An In-Depth Look at Dexter, the Robotic Arm


Dexter, a really great robot arm project, just won top honors in the 2018 Hackaday Prize, and walked away with $50,000 toward continuing their project. As a hat tip to Hackaday and the community, Haddington Dynamics, the company behind Dexter, agreed to open-source their newest version of Dexter as well. As James Newton said when accepting the trophy during the award ceremony, “because of your faith in us, because of this award, we have been moved to open-source the next generation of Dexter.” Some very clever work went into producing Dexter, and we can’t wait to see what further refinements have been made!

Dexter isn’t the only robotic arm in town, by any means. But in terms of hobbyist-level robotics, it’s by far the most complete robot arm that we’ve seen, and it includes a couple of design features that make both its positional accuracy and overall usability stand out above the rest. This is a robot arm with many of the bells and whistles of a hundred-thousand dollar robot, but on a couple-thousand dollar budget.

Moreover, many of the design innovations can be taken piecemeal and used in your own project. For instance, our judges particularly liked Dexter’s clever encoder design. Optical encoders usually use a disk with holes in it; shine a light through the disk onto a sensor and you can determine the position by counting the number of resulting pulses.

Dexter takes this a step further, using the analog value of the light sensor, allowing it to track a few thousand positions per hole, multiplying the usable resolution. This means that, with a 3D printed encoder wheel and some serious math to transform this into a position, Dexter’s encoder can resolve over a million positions per revolution. That’s mind-blowing precision, and it’s available relatively cheaply due to advances in computing power.

Specifically, an FPGA and some custom “gateware” logic code runs the conversion of encoder data to arm position. That’s right, they’re dedicating an embedded Linux computer with FPGA peripherals doing the heavy lifting to calculate two joints’ position. You might think that this is overkill, but with an arm like this any small angular error in the first joint that sits on the table is multiplied by the reach of the arm. You want positional accuracy of 0.1 mm at the end of a half-meter arm, you’re looking at 0.01 degree angular resolution. Getting that resolution with a 3D-printed encoder wheel and some heavy computation is a great innovation.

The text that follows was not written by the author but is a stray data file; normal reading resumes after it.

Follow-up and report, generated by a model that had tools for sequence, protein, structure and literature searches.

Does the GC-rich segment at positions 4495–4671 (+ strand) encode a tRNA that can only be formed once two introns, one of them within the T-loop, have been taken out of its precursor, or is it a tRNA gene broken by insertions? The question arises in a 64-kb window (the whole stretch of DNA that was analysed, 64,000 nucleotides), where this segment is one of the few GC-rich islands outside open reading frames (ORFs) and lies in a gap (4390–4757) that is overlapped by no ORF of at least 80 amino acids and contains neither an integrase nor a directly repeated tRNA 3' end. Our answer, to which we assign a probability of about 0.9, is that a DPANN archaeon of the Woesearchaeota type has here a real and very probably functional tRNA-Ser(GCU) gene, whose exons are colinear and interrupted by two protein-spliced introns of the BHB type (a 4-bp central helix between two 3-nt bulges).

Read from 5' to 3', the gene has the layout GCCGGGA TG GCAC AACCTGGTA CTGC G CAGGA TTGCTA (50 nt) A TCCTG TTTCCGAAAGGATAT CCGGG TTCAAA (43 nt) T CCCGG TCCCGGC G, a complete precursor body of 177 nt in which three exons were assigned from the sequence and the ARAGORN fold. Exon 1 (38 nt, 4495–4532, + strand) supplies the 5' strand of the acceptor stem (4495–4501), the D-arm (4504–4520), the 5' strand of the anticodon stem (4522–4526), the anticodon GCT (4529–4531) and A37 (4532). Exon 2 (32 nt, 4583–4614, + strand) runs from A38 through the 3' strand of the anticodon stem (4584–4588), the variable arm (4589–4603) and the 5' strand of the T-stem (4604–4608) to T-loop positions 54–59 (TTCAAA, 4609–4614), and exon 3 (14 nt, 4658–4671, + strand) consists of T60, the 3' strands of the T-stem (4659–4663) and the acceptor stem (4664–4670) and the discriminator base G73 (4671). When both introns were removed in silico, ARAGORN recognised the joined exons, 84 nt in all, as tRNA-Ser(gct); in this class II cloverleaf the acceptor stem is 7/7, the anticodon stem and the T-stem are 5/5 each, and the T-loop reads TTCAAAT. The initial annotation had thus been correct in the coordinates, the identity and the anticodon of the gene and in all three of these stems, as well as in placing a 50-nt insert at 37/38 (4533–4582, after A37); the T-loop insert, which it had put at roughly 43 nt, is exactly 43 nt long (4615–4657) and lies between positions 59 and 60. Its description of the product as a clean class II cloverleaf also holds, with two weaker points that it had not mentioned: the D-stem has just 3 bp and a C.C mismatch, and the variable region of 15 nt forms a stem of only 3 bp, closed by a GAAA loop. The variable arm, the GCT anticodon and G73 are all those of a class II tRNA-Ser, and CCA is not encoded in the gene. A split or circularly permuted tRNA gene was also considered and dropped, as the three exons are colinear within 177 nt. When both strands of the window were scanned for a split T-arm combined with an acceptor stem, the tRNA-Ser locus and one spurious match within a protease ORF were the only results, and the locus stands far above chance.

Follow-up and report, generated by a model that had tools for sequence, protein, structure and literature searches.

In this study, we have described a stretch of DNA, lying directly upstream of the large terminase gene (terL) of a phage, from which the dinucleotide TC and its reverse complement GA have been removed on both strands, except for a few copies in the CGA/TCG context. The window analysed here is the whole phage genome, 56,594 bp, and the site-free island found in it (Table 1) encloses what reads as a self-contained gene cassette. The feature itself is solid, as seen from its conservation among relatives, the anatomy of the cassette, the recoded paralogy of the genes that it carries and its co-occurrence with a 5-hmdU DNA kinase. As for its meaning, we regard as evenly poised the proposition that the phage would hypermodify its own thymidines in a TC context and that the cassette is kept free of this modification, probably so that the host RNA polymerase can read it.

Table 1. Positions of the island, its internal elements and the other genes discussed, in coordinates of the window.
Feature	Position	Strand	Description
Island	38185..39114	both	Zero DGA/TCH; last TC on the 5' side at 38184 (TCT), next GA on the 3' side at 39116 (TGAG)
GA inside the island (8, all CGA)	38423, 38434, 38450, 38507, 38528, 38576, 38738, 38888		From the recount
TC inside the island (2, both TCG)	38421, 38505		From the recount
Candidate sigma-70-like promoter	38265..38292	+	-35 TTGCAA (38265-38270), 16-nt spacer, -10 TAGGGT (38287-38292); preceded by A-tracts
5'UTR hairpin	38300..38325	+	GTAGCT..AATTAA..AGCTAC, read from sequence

Combine such detailed positional feedback with some good software and you can design an arm that’s both compliant, strong, and easily trainable just by moving it around. Dexter uses harmonic drives for some of the axes, and while you don’t normally want to force a harmonic drive, the extreme resolution of the positional sensor lets the robot know when it’s being pushed out of position and either apply more force to hold position, or drive the motors in the direction of the motion if it’s trying to learn a new move. This makes for easy training, much in the style of Baxter, the robot that has obviously inspired Dexter, but costs significantly more and isn’t open source.

At the pointy end of the stick, Dexter has an expandable set of end effectors connected by a simple 3D-printed locking-collar-and-pogo-pin arrangement. Whether you need a vacuum, scissors, or a gripper at the end of your robot arm, Dexter has you covered.

If there’s one flaw in Dexter, it’s that the FPGA code to run the encoders was written in a proprietary hardware description language, Viva. So while the Dexter folks can provide us with a bitstream to flash into our own FPGAs, we can’t tweak the encoders’ algorithms. That’s a shame, but Haddington Dynamics’ position is that they can’t afford to re-engineer the FPGA code in order to become fully open source.

In the end, though, Dexter is significantly more than the sum of its parts. Haddington Dynamics has applied what our judge Quinn Dunki called “true hacker spirit” to making the build more affordable wherever possible, but still retaining high quality. If you’re at all interested in building a robot arm, there are a ton of lessons to learn here, and if you need a high-class solution on a hacker’s budget, this is where we’d start. We can’t wait to see what’s been updated in the newest version!

Congratulations, Dexter and Haddington Dynamics!



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